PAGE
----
These sources consist of legitimate science or are evidence based through the use of credible scientific sourcing. Legitimate science follows the scientific method, is unbiased and does not use emotional words. These sources also respect the consensus of experts in the given scientific field and strive to publish peer reviewed science. Some sources in this category may have a slight political bias, but adhere to scientific principles. See all Pro-Science sources.
- Overall, we rate the Institute for Health Metrics and Evaluation (IHME) a pro-science source based on evidence-based statistical modeling. Keep in mind that models rely on variables that can change and therefore may not always be accurate.
Factual Reporting: HIGH
World Press Freedom Rank: USA 45/180
Founded in 2007, the Institute for Health Metrics and Evaluation (IHME) is a research institute working in the area of global health statistics and impact evaluation at the University of Washington in Seattle. According to their about page, they are an “independent population health research center at UW Medicine, part of the University of Washington, that provides rigorous and comparable measurement of the world’s most important health problems and evaluates the strategies used to address them.”
In March 2020, IHME began formulating projections on Covid-19 deaths that have been criticized for underestimating future deaths that differ from other organizations’ projections.
Read our profile on United States government and media.
Funded by / Ownership
IHME receives core grant funding from the Bill & Melinda Gates Foundation and the state of Washington. Other funders include The US Centers for Disease Control and Prevention (CDC); Inter-American Development Bank; Gavi, the Vaccine Alliance; the National Heart, Lung and Blood Institute; Kingdom of Saudi Arabia Ministry of Health; Medtronic Philanthropy; and the National Institute on Aging.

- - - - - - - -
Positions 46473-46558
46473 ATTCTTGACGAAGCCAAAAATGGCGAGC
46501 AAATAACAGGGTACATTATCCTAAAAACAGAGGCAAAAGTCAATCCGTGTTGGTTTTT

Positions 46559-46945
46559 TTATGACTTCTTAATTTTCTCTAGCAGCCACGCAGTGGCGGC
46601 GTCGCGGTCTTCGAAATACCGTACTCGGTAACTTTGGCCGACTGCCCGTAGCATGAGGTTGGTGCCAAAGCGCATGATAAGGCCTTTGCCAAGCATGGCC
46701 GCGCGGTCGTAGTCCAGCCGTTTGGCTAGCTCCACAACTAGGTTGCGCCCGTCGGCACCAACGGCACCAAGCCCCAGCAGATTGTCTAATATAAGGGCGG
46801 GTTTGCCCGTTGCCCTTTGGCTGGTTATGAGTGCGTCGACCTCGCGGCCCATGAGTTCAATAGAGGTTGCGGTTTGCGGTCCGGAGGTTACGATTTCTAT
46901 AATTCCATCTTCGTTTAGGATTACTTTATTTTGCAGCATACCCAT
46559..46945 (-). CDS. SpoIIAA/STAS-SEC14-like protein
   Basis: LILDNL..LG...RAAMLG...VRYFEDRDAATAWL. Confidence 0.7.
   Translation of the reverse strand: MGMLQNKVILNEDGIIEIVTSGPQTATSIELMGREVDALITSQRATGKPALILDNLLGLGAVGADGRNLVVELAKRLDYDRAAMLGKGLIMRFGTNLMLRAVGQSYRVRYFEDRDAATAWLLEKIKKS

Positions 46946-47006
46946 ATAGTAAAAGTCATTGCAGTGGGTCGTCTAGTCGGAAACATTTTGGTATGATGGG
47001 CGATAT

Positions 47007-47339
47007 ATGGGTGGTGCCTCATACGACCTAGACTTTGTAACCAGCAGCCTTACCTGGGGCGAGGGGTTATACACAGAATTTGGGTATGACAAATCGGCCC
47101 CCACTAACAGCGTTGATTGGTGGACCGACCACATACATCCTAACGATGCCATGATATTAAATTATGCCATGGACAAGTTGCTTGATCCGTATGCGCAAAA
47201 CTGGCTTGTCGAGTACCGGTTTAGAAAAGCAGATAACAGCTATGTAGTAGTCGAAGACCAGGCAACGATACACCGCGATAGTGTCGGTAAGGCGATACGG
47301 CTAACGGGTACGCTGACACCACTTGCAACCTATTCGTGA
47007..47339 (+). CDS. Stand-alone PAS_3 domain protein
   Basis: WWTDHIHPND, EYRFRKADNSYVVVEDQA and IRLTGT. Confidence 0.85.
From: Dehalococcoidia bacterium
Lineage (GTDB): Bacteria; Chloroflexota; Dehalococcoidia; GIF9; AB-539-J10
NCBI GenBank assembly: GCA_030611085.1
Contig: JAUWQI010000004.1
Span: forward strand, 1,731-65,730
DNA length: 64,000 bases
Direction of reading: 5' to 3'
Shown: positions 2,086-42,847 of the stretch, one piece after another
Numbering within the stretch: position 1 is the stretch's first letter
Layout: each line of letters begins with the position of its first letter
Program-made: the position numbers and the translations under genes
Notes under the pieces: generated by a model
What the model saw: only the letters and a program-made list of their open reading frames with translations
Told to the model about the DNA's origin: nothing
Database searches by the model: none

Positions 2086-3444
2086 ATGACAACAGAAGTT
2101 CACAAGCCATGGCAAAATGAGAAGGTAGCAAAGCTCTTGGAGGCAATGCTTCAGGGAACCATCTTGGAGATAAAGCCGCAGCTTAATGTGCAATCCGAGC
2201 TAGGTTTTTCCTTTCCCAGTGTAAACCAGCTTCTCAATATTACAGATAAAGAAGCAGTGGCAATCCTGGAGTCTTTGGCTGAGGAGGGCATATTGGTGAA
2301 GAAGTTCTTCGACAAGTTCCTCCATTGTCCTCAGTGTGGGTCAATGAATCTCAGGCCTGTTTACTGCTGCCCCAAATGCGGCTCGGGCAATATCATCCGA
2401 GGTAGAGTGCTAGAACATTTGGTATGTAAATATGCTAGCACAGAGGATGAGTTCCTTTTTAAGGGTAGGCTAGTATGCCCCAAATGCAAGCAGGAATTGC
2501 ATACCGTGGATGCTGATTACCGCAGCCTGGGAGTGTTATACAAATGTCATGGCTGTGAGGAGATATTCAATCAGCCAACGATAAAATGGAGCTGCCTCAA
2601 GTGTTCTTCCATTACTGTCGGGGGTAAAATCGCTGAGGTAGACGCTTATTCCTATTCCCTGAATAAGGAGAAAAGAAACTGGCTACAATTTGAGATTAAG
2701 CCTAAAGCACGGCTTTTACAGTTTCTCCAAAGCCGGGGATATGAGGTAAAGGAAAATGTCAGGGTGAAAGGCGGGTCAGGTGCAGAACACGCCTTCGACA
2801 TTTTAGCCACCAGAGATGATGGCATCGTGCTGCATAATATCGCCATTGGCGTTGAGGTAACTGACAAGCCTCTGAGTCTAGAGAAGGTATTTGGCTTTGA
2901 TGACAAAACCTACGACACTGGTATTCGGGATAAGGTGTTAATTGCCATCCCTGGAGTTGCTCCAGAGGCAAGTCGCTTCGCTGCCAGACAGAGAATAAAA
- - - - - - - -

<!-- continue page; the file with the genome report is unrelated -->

Analysis / Bias
In review, IHME produces and publishes health-related projection models on a variety of health issues as well as policy reports for countries such as this: Ways to Improve Health in the Russian Federation, 2000–2017. Policy research is very well-sourced and evidence-based.
In 2020, IHME began producing projection models for Coronavirus deaths that were used by the Trump Administration to formulate policy. Their projections have been criticized for varying widely, as well as for being much lower than other science-based projections. According to an article by STAT “Other experts, including some colleagues of the model-makers, are even harsher. “That the IHME model keeps changing is evidence of its lack of reliability as a predictive tool,” said epidemiologist Ruth Etzioni of the Fred Hutchinson Cancer Center, who has served on a search committee for IHME. “That it is being used for policy decisions and its results interpreted wrongly is a travesty unfolding before our eyes.”
Model projections for the USA can be found at covid19.healthdata.org/united-states-of-america. As of June 10th, 2020 the model is predicting there will be 169K deaths by October 1st, with a potential range from 133K to 290K. The Annals of Internal Medicine reports “Caution Warranted: Using the Institute for Health Metrics and Evaluation Model for Predicting the Course of the COVID-19 Pandemic.” Their primary criticism is the “IHME projections are based not on transmission dynamics but on a statistical model with no epidemiologic basis.”
In general, the Institute for Health Metrics and Evaluation meets our criteria as a Pro-Science source. Although some have criticized their projections they ultimately are based on available statistics and produce a range that is reasonable and disclaimed not to be 100% accurate.
Failed Fact Checks
Overall, we rate the Institute for Health Metrics and Evaluation (IHME) a pro-science source based on evidence-based statistical modeling. Keep in mind that models rely on variables that can change and therefore may not always be accurate. (D. Van Zandt 6/15/2020)
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